So how do you avoid having false carbon monoxide alarms?  

  • Invest in a high-quality carbon monoxide detectors. There are plenty of clever choices in stores and Amazon for single-gas or multi-gas detectors. Go for those that are reasonably-priced but with efficient features. Remember, if a safety device is too much of a bargain, you could just be getting your money’s worth in terms of safety.
  • Ask a qualified technician to perform the installation. If you prefer to have your detector wired or connected to your security system, it is best to seek professional help for the installation. You can also decide to get a plug-in carbon monoxide detector, but be sure to adhere specifically to the manual for instructions on proper usage.
  • Test, clean, and replace the batteries of your detector regularly. Dust and other dirt particles can compromise the efficiency of your detector. But don’t use water or harsh chemicals in cleaning your CO alarms. Use a brush, compressed air in a can, or small vacuum to dust it off. Check the batteries at least every 6 months or as soon as the detector chirps a warning indicating low battery. Test detectors every month.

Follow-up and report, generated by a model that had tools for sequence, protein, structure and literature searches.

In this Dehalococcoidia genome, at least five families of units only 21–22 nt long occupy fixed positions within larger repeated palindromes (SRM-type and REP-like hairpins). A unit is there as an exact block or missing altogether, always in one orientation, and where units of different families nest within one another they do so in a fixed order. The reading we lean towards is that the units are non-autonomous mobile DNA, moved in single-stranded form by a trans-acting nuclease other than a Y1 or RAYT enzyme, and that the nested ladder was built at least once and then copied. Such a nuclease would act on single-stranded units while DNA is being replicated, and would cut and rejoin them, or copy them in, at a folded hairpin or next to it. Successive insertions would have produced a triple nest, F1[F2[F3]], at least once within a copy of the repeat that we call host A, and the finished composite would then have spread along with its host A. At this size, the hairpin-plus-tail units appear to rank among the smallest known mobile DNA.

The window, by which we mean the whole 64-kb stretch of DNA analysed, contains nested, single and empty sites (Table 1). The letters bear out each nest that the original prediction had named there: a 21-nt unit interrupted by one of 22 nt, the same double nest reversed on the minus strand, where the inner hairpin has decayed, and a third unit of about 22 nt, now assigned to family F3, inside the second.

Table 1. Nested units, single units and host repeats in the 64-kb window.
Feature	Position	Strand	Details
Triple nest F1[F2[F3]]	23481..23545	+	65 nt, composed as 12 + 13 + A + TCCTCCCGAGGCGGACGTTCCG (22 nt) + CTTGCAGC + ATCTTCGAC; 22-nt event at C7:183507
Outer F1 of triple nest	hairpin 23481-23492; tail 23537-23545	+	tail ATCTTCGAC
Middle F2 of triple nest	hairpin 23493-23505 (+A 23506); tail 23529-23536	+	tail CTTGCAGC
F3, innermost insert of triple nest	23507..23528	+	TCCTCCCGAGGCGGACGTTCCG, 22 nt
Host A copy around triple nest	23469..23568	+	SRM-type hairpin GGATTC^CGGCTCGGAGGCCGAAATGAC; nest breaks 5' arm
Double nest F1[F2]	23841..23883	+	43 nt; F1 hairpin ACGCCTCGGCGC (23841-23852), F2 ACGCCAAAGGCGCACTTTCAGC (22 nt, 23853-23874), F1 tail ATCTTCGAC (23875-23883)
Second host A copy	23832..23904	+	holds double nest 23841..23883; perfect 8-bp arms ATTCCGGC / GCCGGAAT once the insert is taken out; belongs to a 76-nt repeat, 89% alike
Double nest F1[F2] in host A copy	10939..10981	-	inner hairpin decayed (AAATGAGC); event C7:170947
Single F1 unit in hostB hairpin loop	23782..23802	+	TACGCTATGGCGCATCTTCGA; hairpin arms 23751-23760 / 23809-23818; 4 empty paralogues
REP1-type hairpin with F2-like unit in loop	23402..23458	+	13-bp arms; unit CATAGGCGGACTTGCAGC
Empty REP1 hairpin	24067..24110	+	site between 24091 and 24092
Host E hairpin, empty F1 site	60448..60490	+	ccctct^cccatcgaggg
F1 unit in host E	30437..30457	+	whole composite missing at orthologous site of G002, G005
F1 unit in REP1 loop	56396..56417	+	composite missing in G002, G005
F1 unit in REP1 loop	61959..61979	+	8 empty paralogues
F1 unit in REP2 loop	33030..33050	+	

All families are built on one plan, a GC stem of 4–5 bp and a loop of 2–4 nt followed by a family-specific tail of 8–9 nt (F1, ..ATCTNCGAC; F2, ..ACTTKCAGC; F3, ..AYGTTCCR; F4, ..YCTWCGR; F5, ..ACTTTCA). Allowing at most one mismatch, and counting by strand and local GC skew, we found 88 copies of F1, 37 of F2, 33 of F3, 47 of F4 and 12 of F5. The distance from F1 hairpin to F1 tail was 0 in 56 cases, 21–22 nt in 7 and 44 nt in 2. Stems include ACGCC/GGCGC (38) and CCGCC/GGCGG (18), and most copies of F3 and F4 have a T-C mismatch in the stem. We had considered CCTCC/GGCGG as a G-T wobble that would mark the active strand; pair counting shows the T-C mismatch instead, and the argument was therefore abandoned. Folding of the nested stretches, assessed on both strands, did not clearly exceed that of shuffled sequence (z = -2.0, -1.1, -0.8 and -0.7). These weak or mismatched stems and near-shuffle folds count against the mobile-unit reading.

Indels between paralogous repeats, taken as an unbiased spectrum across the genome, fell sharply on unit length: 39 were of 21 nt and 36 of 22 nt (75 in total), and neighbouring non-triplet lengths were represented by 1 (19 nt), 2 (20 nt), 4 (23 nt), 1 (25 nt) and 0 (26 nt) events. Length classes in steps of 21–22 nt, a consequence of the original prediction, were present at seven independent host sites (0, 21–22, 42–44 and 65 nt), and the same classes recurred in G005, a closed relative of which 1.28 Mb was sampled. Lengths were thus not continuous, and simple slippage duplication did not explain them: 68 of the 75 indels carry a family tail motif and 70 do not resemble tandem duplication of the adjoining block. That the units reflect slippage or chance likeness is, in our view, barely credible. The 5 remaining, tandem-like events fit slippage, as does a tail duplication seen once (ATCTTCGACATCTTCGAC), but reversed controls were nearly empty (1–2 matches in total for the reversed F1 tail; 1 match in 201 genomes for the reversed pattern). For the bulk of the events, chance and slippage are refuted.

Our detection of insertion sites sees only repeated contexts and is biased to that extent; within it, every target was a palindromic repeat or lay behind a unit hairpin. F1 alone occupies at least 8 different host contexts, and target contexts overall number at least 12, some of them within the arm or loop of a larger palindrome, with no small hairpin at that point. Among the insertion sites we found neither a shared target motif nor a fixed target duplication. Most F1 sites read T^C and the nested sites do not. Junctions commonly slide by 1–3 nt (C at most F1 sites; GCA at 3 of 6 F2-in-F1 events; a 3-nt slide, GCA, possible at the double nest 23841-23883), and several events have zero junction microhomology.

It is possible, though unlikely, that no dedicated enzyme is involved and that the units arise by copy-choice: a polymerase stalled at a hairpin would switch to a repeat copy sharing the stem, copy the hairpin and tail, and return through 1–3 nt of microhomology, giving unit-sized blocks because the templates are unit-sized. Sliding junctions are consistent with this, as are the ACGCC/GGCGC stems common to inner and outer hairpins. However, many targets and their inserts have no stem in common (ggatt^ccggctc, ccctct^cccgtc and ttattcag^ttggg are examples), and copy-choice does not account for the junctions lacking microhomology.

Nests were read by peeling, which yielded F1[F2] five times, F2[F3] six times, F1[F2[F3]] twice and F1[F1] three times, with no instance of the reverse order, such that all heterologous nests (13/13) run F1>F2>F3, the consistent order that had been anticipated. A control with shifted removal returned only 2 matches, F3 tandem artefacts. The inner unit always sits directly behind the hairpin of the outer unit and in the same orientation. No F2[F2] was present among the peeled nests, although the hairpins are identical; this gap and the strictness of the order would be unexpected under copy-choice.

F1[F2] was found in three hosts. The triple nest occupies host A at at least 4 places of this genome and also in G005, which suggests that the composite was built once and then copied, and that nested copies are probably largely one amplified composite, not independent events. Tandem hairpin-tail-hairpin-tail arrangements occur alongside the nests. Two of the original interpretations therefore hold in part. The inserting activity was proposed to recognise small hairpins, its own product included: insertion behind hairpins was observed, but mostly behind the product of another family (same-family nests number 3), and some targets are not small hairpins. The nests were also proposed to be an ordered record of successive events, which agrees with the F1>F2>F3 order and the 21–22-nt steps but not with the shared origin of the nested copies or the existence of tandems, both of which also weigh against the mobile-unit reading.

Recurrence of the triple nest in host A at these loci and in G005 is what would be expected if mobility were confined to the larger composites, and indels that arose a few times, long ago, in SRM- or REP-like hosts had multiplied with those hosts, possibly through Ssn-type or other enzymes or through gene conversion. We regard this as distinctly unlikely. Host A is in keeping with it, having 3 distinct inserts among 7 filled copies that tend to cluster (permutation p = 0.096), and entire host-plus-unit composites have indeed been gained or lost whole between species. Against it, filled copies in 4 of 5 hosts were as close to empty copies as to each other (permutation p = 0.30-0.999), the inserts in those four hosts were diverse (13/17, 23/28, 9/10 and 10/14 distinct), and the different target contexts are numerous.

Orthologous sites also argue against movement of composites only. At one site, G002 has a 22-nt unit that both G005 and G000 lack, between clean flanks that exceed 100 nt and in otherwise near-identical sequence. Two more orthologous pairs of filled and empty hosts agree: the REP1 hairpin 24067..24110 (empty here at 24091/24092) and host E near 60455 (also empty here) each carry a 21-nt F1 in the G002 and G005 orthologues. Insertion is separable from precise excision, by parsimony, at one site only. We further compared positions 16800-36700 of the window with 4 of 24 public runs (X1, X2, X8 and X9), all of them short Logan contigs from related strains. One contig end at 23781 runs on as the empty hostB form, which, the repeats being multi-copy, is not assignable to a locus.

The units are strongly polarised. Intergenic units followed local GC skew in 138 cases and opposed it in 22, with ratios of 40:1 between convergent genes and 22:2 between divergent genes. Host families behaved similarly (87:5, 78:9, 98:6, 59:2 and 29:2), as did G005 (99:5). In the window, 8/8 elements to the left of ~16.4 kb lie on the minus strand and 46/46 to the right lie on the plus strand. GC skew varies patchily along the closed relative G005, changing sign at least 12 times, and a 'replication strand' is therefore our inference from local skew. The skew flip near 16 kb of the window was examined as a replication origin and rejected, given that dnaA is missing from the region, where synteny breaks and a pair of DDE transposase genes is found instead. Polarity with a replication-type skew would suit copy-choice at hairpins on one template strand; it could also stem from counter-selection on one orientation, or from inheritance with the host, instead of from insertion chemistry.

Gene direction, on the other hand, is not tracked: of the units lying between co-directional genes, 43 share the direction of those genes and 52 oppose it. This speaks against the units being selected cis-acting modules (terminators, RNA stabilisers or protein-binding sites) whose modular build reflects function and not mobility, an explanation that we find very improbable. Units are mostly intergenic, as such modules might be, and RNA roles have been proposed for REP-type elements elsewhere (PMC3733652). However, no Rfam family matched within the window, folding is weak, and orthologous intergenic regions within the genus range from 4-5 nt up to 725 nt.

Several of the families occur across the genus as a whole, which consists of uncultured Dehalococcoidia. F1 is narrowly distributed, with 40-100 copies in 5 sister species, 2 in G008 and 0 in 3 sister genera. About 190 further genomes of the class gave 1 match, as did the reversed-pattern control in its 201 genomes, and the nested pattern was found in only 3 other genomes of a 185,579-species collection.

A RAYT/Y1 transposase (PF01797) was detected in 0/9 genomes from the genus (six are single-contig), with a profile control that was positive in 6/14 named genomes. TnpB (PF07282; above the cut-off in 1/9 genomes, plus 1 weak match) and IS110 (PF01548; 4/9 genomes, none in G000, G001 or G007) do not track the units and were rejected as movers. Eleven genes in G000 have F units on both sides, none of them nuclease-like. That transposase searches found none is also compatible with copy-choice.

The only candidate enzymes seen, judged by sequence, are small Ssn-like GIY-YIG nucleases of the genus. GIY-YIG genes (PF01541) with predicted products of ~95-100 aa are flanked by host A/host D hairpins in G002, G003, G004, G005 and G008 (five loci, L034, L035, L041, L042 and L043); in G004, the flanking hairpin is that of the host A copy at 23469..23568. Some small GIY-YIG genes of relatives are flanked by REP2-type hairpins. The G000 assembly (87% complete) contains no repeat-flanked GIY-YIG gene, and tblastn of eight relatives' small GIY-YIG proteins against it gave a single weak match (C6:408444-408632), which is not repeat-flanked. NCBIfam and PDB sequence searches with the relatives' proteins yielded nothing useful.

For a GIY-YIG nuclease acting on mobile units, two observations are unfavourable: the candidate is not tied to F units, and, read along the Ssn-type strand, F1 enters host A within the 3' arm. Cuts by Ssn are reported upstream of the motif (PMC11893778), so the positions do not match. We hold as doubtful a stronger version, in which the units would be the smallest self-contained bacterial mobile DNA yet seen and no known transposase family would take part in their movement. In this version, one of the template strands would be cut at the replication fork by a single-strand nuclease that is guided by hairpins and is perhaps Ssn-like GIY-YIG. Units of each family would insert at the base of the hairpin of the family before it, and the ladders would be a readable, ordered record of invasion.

• Follow the users’ guide for correct placement of carbon monoxide detectors. Steer clear from direct sunlight and spaces with excessive moisture, as humidity could set off detectors, too. Keep a 10 to 20 feet distance from fuel-burning appliances. 

What to Do When Your Carbon Monoxide Alarm is Going Off

  1. Don’t EVER second-guess the CO alarm. Some people would suspect that it is a false alarm but if you follow the recommended steps above, it is more likely that you are looking at a legitimate carbon monoxide threat. Especially if you or any of your family members are experiencing flu-like symptoms for no reason, carbon monoxide poisoning is the sure culprit.
  2. Call 911 immediately. Never think that it is an overreaction to call 911 just because no one in the family is sick or in pressing danger. Carbon monoxide poisoning can kill even a healthy person in a matter of minutes, but especially elderly ones, children, pregnant women and their unborn babies, and people with pre-existing heart or respiratory issues.
  3. Get out of the house quickly. Even if the alarm sounds in the middle of the night, act quickly and don’t delay in evacuating. Rouse those who are in deep sleep in their bedroom or you know have been drunk the previous night as they would be most defenseless from carbon monoxide poisoning.
  4. Never attempt to go back inside until authorities said it’s safe. Either you have forgotten something inside your home or the CO alarm has stopped sounding, don’t reenter the house until the responders and firefighters gave you the go signal. Stay where there is abundant fresh air and watch out for any symptoms among family members.